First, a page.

Consequences of inaction

If we allow serious bartering schemes to go untaxed, it drives a good deal of our economy into a tax-free counterculture. The result? The real costs of our government infrastructure — our roads, schools, fire stations, police and courts — would be disproportionately forced onto the “regular” businesses that still deal in cash, unfairly increasing their tax burden.

Barters also have consequences for state and local sales taxes. If I buy an old-fashioned CD or LP from a Main Street store in Minnesota, I pay sales tax. That helps pay for Minnesota’s infrastructure and social programs. But when I listen to the exact same music on a YouTube video, “free of charge,” again and again and again, Google doesn’t collect any sales tax.

Some states have already started to recognize that “cloud services” (e.g. streaming) need to bear sales tax when they replace products we used to buy in stores or in arm’s-length cash transactions.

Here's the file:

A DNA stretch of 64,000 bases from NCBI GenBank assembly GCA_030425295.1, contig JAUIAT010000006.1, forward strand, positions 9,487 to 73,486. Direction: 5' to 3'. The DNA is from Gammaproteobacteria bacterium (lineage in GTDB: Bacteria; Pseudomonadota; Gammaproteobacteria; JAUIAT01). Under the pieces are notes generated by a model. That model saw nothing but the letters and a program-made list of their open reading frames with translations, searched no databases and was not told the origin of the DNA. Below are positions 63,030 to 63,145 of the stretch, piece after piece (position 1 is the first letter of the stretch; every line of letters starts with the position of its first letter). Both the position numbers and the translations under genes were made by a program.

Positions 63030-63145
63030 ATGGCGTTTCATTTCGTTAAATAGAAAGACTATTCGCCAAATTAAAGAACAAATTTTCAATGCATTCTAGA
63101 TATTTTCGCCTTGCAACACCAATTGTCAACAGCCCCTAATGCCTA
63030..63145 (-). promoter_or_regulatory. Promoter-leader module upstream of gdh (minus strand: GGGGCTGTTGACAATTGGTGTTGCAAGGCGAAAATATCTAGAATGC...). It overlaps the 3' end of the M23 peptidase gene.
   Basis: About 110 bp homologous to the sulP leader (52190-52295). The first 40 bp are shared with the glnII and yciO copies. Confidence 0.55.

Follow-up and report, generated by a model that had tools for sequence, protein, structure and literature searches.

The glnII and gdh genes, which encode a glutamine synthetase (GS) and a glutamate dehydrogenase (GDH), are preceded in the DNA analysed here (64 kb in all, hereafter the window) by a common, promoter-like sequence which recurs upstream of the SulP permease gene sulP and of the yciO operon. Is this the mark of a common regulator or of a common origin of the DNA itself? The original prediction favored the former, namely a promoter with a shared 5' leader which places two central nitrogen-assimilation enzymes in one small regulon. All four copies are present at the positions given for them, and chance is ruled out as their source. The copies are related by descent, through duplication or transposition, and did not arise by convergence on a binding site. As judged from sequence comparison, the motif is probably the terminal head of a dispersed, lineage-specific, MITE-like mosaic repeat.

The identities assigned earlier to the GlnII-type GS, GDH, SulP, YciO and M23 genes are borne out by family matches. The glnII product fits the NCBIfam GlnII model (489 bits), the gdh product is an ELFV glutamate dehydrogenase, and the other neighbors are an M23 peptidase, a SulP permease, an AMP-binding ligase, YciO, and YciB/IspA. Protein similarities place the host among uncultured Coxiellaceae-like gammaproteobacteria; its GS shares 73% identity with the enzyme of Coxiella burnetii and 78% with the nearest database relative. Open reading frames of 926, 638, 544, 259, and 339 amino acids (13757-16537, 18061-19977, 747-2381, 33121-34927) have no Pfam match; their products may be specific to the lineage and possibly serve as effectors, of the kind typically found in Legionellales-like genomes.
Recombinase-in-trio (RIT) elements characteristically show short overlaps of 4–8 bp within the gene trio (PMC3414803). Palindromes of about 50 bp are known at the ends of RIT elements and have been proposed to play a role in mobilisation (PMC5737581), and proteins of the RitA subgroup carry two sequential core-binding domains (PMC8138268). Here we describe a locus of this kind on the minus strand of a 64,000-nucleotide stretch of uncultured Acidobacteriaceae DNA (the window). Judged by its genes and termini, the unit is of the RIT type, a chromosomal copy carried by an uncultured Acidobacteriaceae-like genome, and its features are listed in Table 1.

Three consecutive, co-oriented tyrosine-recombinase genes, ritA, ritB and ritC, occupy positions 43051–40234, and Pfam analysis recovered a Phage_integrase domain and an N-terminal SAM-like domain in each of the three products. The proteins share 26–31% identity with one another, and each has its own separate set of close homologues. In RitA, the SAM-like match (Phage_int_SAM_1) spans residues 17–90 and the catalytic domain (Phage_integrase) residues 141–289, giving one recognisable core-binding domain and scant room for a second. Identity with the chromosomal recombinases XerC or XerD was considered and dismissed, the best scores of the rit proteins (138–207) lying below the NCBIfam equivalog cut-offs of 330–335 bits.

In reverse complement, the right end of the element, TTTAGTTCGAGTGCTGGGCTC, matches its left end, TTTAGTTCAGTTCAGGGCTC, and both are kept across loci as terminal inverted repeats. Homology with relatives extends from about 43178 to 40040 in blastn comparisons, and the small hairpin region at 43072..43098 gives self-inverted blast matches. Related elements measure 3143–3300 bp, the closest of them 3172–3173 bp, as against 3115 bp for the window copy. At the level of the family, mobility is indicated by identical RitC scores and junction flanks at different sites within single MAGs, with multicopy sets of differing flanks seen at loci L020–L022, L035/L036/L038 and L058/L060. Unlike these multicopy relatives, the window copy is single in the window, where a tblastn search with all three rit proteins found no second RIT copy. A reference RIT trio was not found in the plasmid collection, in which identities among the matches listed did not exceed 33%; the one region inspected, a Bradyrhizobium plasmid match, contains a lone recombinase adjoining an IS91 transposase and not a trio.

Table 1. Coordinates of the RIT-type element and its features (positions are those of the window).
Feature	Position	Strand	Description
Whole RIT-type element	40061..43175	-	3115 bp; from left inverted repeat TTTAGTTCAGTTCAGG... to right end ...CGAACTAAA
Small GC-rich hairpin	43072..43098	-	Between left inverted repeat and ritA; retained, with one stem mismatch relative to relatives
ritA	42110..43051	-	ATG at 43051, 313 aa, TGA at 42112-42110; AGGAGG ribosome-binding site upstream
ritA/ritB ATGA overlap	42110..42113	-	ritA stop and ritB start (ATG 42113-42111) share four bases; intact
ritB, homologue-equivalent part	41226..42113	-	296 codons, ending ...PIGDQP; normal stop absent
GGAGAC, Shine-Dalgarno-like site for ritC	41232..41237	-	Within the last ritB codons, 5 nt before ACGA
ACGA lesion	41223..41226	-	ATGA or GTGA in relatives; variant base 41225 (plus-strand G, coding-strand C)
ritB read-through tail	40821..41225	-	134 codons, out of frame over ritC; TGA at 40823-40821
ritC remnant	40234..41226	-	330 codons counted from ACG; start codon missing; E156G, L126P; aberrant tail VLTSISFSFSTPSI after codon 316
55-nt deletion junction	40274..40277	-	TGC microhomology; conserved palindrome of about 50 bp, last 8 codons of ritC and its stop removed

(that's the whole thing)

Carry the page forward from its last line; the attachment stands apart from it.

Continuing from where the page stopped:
Other countries understand this phenomenon, too. Several reports commissioned by the European Union have analyzed the tax issues created by the digital economy. One key report back in 2015, referred to as “BEPS” by the Organisation for Economic Co-operation and Development, actually uses the word “barter” several times and estimated, conservatively, that the tax revenue loss to governments is one-quarter of a trillion dollars. Importantly, it also says these tax losses hit “developing countries” much harder than “developed countries.”